Remember the awesome footstep tracking mechanism in Pokemon Go that worked perfectly in the first few days of the game, directing you to where the Pokemon were? Yeah, that’s gone. Niantic’s first update to the wildly popular Augmented Reality game has actually removed the most crucial feature from it, rather than fixing the system. The footstep tracking mechanism was used within the Nearby panel to show Pokemon that were around you. Those with one footstep underneath the avatar were nearest to you, sequentially rising to three footsteps for the farthest one.
A few weeks into the game, amid multiple server failures, distributed denial of service (DDoS) attack claims and multiple glitches later, the footstep mechanism appeared to end up with a glitch where all Pokemon on the Nearby list would show as three footsteps away. This essentially rendered ways of tracking Pokemon nearly useless. While the removal of this feature does not practically worsen the situation, everyone expected Niantic to solve the glitch and has now been left severely disappointed. After all, tracking Pokemon effectively is the most crucial aspect of a game that centers around tracking and catching Pokemon.
Left: The updated version; Right: When the footstep tracker still worked
This has left thousands of players clueless about looking for Pokemon in their vicinity. Alongside removing footsteps, Niantic and Nintendo have also shut down a number of third party Pokemon-tracking services like Pokevision and Pokeradar, stating that these essentially depended on hacks, and people playing the game were gaining ways to cheat. This comes as a double blow for players, as now there is actually no way to trace a Pokemon, apart from walking around aimlessly and depending on luck.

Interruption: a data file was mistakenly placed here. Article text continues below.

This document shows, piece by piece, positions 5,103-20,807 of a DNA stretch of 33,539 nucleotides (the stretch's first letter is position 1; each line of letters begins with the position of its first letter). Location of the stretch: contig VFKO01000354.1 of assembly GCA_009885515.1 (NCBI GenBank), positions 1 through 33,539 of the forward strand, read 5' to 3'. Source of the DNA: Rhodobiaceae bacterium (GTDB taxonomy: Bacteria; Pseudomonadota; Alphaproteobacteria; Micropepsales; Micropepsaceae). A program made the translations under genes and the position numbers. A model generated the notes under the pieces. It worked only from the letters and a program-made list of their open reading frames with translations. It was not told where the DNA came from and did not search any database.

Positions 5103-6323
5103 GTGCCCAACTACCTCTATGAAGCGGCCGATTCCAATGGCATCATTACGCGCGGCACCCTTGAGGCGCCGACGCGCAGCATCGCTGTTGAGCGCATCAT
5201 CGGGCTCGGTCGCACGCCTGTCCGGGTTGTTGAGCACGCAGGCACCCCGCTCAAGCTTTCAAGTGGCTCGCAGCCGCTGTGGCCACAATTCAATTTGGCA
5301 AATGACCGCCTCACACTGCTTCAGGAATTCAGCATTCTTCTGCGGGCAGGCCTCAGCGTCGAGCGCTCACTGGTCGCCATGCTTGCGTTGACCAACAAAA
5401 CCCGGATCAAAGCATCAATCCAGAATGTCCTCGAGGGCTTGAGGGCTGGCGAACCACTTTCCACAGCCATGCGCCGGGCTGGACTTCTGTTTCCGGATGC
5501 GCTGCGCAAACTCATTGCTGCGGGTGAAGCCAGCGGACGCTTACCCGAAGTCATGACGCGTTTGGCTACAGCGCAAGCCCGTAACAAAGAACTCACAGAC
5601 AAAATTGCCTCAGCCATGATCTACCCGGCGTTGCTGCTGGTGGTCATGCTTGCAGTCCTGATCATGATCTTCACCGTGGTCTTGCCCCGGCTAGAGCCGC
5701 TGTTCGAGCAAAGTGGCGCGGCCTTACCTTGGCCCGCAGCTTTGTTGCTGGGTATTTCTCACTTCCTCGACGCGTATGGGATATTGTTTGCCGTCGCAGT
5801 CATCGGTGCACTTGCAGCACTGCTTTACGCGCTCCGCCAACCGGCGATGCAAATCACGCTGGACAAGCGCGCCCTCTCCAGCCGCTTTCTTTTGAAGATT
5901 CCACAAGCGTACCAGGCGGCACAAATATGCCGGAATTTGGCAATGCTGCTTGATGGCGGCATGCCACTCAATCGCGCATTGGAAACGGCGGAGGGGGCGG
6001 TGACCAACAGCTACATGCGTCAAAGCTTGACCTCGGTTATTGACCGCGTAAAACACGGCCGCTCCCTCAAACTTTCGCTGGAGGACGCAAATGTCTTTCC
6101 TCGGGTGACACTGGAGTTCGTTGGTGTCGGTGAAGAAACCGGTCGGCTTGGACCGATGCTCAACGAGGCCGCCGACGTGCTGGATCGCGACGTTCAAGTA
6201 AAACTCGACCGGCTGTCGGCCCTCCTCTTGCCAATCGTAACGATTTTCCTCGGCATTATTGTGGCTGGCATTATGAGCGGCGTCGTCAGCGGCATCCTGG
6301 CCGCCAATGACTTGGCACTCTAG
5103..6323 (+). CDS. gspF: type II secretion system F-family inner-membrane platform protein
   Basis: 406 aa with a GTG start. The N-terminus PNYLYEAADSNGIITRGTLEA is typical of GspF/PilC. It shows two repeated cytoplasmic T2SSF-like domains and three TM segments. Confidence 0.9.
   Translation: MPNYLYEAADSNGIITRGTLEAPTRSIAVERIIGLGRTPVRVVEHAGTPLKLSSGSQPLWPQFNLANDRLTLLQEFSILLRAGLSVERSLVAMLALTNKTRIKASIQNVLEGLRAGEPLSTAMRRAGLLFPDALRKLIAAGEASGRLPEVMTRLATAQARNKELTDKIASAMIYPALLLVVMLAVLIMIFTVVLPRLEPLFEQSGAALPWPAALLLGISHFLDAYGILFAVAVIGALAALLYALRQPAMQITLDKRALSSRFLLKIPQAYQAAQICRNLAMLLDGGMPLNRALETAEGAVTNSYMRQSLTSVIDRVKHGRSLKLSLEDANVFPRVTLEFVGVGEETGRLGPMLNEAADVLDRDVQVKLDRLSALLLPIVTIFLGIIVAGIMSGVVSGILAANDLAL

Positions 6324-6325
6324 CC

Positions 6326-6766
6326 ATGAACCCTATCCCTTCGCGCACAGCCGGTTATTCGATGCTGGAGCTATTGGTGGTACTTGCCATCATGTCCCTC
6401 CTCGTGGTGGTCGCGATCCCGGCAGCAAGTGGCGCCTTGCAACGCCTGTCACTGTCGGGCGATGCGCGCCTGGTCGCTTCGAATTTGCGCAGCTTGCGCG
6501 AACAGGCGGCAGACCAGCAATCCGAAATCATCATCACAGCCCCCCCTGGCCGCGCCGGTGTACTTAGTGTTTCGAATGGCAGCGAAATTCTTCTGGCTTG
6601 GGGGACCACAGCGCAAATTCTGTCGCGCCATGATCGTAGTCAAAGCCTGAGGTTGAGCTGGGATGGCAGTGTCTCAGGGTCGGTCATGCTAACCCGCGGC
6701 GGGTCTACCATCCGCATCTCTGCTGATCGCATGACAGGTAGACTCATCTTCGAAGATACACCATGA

Alongside, the latest update has seemingly removed the battery saver mode, too. While this mode did not have a massive impact on improving battery life, it did significantly improve the battery life by reducing a device’s screen-on time. There were many reported glitches of devices refusing to wake from battery saver modes, and once again, Niantic appears to have removed the feature altogether, although Android devices in India seems to have retained it.
Left: The new medals and the user customisation menu; Right: The old, basic medals
The update has brought slightly updated fonts, the ability to change your own avatar, redesigned medals and a redesigned panel that fuses ‘Favourite’ and ‘Transfer’ of Pokemon into one slide-out panel. Selecting a Pokemon as Favourite now will ensure that it cannot be transferred, hence saving you from unintentional mistakes. The minor redesigns may work in the long term, but for now, the major cause of concern remains the lacking of tracking abilities in Pokemon Go. We can only hope that Niantic is presently working on perfecting it, and it will be back into the game to retain its engaging nature.
Left: New warning signs before initiation; Right: Recustomising your avatar
The update incidentally comes over the weekend preceding August 1, the date on which Poodlecorp, an apparent group of hackers, had proclaimed a DDoS attack on Niantic’s servers to black the game out for 20 hours, or nearly the entire day. When asked for the reason behind the malicious intent, the hacker group replied, “We do it because we can, nobody can stop us and we just like to cause chaos.” The day is already here, and it remains to be seen if there are indeed any impact that falls on Niantic’s servers.
The latest update, meanwhile, may have disappointed more players for now, than a 20-hour lockout from the game will.